There has been a culture of policies which are non-statutory being almost universally viewed as obligatory by teachers and schools, due to the government agencies’ reliance on them for their tick-box style of assessment. This has not helped the mathematical education of children. p8

With the dismantling of the strategies and the support that has provided for years being removed, I’m concerned we aren’t ready to take on the challenges of developing innovative curricula in our own departments.  I’m not convinced that the spiral delivery of the Sample Medium Term (SMT) plans has been effective but equally I don’t know how many teachers of my generation have been equipped to be able to design something better.  While I welcome the opportunity to unfurl our wings and allow innovation back into the development and design of the mathematics curricula on a local and institutional level, I fear the supports are being removed too soon and that rather than innovating we are at risk of stagnating.

Am I wrong?  Is your department already using an innovative curricula that bears little resemblance to the SMT plans? Is the spiral curriculum a keeper?

Blog archives – catching up with conversations past

Have you ever moved to a new city, started a new job, joined a new club or class and found you were the new person in a friendship group.  I’m part of a small church in Brighton and, being such a transient city, people come and go all the time.  For those of us who have been around for years, conversations often contain references to people who others have never met.  It is hard to remember and often cumbersome to fill in the gaps, watching the moment or joke slip away.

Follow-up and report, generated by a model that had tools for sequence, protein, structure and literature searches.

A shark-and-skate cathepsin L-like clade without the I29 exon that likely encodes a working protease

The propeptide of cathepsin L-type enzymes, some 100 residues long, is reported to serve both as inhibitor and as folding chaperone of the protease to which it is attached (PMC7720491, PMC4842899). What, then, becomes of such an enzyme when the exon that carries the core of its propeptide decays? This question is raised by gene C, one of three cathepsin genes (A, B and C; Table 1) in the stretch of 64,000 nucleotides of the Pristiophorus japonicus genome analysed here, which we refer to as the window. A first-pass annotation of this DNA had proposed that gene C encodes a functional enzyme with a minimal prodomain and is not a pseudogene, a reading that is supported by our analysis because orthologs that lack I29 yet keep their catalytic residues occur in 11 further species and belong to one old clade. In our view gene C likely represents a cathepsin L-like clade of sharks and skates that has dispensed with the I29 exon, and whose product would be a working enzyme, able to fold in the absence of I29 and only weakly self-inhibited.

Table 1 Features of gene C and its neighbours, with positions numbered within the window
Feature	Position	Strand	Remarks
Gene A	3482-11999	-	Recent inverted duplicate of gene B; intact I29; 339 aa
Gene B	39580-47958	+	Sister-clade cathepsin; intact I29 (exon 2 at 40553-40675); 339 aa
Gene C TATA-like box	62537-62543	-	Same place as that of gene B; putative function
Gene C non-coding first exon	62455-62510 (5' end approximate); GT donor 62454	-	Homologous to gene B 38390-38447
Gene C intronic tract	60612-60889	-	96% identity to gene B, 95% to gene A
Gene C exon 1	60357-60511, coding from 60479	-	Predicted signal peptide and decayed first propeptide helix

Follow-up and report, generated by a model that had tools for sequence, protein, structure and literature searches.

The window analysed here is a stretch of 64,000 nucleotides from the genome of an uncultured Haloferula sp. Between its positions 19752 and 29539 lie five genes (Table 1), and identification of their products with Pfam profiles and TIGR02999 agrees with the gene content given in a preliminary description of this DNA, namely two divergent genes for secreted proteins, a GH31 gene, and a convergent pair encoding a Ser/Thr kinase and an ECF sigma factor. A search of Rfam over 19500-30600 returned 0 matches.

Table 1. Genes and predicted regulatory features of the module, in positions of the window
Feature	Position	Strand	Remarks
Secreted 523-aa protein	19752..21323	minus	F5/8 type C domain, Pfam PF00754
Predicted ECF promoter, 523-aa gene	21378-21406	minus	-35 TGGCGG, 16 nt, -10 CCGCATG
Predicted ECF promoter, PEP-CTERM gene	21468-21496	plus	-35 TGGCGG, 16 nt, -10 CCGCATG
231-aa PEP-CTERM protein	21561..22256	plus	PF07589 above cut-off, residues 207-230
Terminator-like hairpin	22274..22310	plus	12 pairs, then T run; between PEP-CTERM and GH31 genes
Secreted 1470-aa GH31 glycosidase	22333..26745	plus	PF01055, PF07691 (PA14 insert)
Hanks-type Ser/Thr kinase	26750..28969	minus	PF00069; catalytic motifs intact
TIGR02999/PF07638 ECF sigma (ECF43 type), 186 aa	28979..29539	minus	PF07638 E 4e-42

I’ve felt a bit like that as I approach the “edu blogosphere”.  It seems not many educators in the UK blog about education, so it has been awesome for me to find some inspiration on other parts of the globe.  Blogs like dy/dan, Think Thank Thunk, Point of Inflection, f(t), etc. are all really inspiring but for each of these I’ve come late to the game.  The conversation started a long time ago and I feel like I’m missing the in-jokes.

Strangely, this isn’t the end of the story though.  The wonders of archives mean that I can go right back to the start and follow the conversation up to the present.  I can follow the development of a blogger in terms of thought processes, pedagogical philosophy, etc.  I can watch as more people comment and take part in the conversation, itching to join in but knowing for most people the moment has passed.  I can see people come and go, competitions be set and the winners be declared.

I’m currently working my way through the dy/dan archives – having read everything up to April 2009.  I’m enjoying it lots but am confident I’ll enjoy it more when I can join and engage with a present conversation.  It is strange to be thinking about the current events that are reflected, thinking about where I was and what I was doing while this conversation was happening the first time round.  I don’t want to live in the past but I do want to inform my present with lessons from the past.  I’ve come across loads of conversations that have helped develop my thinking that probably will not come up again on this forum because it has been dealt with.  So, I read on.

Has anyone else ever done this?  Am I more of a freak than I think I am?